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Michelangelo: Famous artist was surprisingly SHORT at just 5ft 3in, analysis of his shoes suggests

Michelangelo may have been a titan of the arts during the High Renaissance, but in person the Italian sculptor, painter and architect may have been surprisingly short.

Experts from the Forensic Anthropology, Paleopathology, Bioarchaeology (FABAP) Research Center in Sicily studied shoes thought to have belonged to the artist.

They found that the artist — famous for works including his sculpture of David and the painting of the Sistine Chapel — stood at no more than 5 feet 3 inches.

The study is the first ever to try to estimate the physical characteristics of the great artist based on measurements of personal effects.

Experts from the Forensic Anthropology, Paleopathology, Bioarchaeology (FABAP) Research Center in Sicily studied three shoes (pictured) thought to have belonged to Michelangelo

They found that the artist (depicted in this portrait) — famous for works including sculpture of David and the painting of the Sistene Chapel — stood at no more than 5 feet 3 inches

They found that the artist (depicted in this portrait) — famous for works including sculpture of David and the painting of the Sistene Chapel — stood at no more than 5 feet 3 inches

The study — the first to try to estimate the physical characteristics of the great artist based on measurements of personal effects — was undertaken by palaeopathologist Francesco Galassi and forensic anthropologist Elena Varotto of the FABAP research centre. Pictured: Ms Varotto takes measurements of the shoes in the Casa Buonarroti museum, Florence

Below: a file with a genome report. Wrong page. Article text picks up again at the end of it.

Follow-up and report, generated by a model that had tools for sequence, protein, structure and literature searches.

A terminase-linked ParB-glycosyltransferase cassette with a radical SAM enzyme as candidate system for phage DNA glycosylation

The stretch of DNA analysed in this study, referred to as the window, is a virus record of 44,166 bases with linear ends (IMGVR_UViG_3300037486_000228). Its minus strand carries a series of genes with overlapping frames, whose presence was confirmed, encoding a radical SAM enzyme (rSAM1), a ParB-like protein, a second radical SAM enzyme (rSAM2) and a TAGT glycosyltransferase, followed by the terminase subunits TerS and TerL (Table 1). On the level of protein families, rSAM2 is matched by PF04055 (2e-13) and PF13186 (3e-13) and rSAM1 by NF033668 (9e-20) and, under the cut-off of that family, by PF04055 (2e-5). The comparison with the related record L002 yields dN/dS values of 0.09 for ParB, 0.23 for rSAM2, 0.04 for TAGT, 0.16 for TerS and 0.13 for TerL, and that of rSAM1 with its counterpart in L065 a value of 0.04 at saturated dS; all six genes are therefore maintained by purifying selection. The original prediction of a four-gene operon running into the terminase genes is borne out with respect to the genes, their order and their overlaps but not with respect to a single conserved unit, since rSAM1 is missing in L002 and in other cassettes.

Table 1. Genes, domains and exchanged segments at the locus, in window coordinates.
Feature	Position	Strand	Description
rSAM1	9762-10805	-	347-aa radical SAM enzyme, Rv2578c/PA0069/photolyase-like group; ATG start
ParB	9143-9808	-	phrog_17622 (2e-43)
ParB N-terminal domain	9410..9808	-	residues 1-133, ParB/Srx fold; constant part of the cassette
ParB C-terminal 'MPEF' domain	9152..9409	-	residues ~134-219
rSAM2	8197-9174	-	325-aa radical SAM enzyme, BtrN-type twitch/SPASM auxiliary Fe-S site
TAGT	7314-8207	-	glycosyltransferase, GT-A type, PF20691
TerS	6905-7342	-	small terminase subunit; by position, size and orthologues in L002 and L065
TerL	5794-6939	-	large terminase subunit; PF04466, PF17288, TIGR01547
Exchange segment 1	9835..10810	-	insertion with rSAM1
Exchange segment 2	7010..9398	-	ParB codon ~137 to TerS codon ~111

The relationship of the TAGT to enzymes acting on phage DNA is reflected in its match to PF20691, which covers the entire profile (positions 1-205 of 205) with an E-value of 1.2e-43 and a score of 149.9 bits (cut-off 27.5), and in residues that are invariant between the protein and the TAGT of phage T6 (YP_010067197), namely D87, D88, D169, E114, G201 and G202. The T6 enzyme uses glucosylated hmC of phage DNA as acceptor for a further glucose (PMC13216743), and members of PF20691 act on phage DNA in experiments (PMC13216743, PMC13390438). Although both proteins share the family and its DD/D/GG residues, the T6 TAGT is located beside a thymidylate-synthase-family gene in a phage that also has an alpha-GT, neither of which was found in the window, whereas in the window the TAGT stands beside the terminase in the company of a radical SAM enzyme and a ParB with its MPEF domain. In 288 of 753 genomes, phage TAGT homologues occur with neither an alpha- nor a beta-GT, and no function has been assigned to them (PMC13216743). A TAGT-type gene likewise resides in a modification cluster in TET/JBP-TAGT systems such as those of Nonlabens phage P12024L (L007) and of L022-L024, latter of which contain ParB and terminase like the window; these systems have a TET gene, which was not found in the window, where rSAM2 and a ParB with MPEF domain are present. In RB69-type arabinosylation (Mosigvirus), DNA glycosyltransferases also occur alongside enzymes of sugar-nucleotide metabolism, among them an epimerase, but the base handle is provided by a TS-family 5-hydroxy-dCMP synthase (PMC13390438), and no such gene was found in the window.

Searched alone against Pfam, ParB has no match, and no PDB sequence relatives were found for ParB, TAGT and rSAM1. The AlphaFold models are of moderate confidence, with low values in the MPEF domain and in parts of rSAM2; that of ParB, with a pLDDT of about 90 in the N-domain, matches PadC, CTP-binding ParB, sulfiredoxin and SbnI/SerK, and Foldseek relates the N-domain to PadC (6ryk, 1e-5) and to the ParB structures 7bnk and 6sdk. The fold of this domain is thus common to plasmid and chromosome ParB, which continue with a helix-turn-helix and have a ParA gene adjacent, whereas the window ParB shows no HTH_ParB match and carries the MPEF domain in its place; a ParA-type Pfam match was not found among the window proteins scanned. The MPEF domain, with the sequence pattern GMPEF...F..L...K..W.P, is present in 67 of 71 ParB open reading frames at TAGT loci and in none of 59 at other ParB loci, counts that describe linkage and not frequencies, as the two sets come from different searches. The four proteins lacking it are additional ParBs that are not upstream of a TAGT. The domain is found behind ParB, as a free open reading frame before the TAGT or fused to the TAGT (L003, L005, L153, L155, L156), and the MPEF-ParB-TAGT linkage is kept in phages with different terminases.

The study — the first to try to estimate the physical characteristics of the great artist based on measurements of personal effects — was undertaken by palaeopathologist Francesco Galassi and forensic anthropologist Elena Varotto of the FABAP research centre. Pictured: Ms Varotto takes measurements of the shoes in the Casa Buonarroti museum, Florence

DESCRIPTIONS OF MICHELANGELO

According to the researchers, the finding of their study matches contemporary descriptions of Michelangelo’s physique. 

The 16th century artist and writer Giorgio Vasari — who acted as Michelangelo’s biographer — wrote: ‘He was of mediocre stature, broad in the shoulders, but well proportioned to the rest of his body.’

Mediocre, here, would have been used in its Latin-derived meaning — that of being ‘average’ or ‘mean’. 

The study was undertaken by palaeopathologist Francesco Galassi and forensic anthropologist Elena Varotto of the FABAP research centre.

The duo studied three shoes left in Michelangelo’s Florence home after his death — a pair of leather shoes and a single leather slipper — and preserved for posterity, along with the property, by the artist’s great nephew, Michelangelo Buonarroti the Younger.

(The companion of the lone slipper was reportedly stolen from the Casa Buonarroti museum on January 14, 1873.)

The fact that all three pieces of footwear — and presumably the missing slipper in the pair, as well — were the same size suggests that they were all worn by one man, and they have long been regarded as having been worn by Michelangelo himself.

However, the team acknowledged, it is also conceivable that they may have belonged instead to another in the artist’s household, such as a contemporary family member or even a descendent.

The team used a previously established formula to estimate stature from the dimensions of the foot — both length and breadth.

On average, the shoes were around 8.7–9.1 inches (22–23 cm) long.

Based on their measurements, the duo concluded that Michelangelo (or, at least, the owner for the shoes) likely stood at around 5 feet 3 inches, or 160.3 centimetres.

While this would be considered somewhat short for a European man of today, such a stature would have been quite average for a man like Michelangelo living in the late 15th and early 16th centuries.

‘Such an average is compatible with the mean for a chronological period that spans from the Middle Ages through the Renaissance,’ the experts wrote in their paper. 

The study was undertaken by palaeopathologist Francesco Galassi and forensic anthropologist Elena Varotto of the FABAP research centre. Pictured: Professor Galassi takes a length measurement of one of the leather shoes in the Casa Buonarroti museum

The study was undertaken by palaeopathologist Francesco Galassi and forensic anthropologist Elena Varotto of the FABAP research centre. Pictured: Professor Galassi takes a length measurement of one of the leather shoes in the Casa Buonarroti museum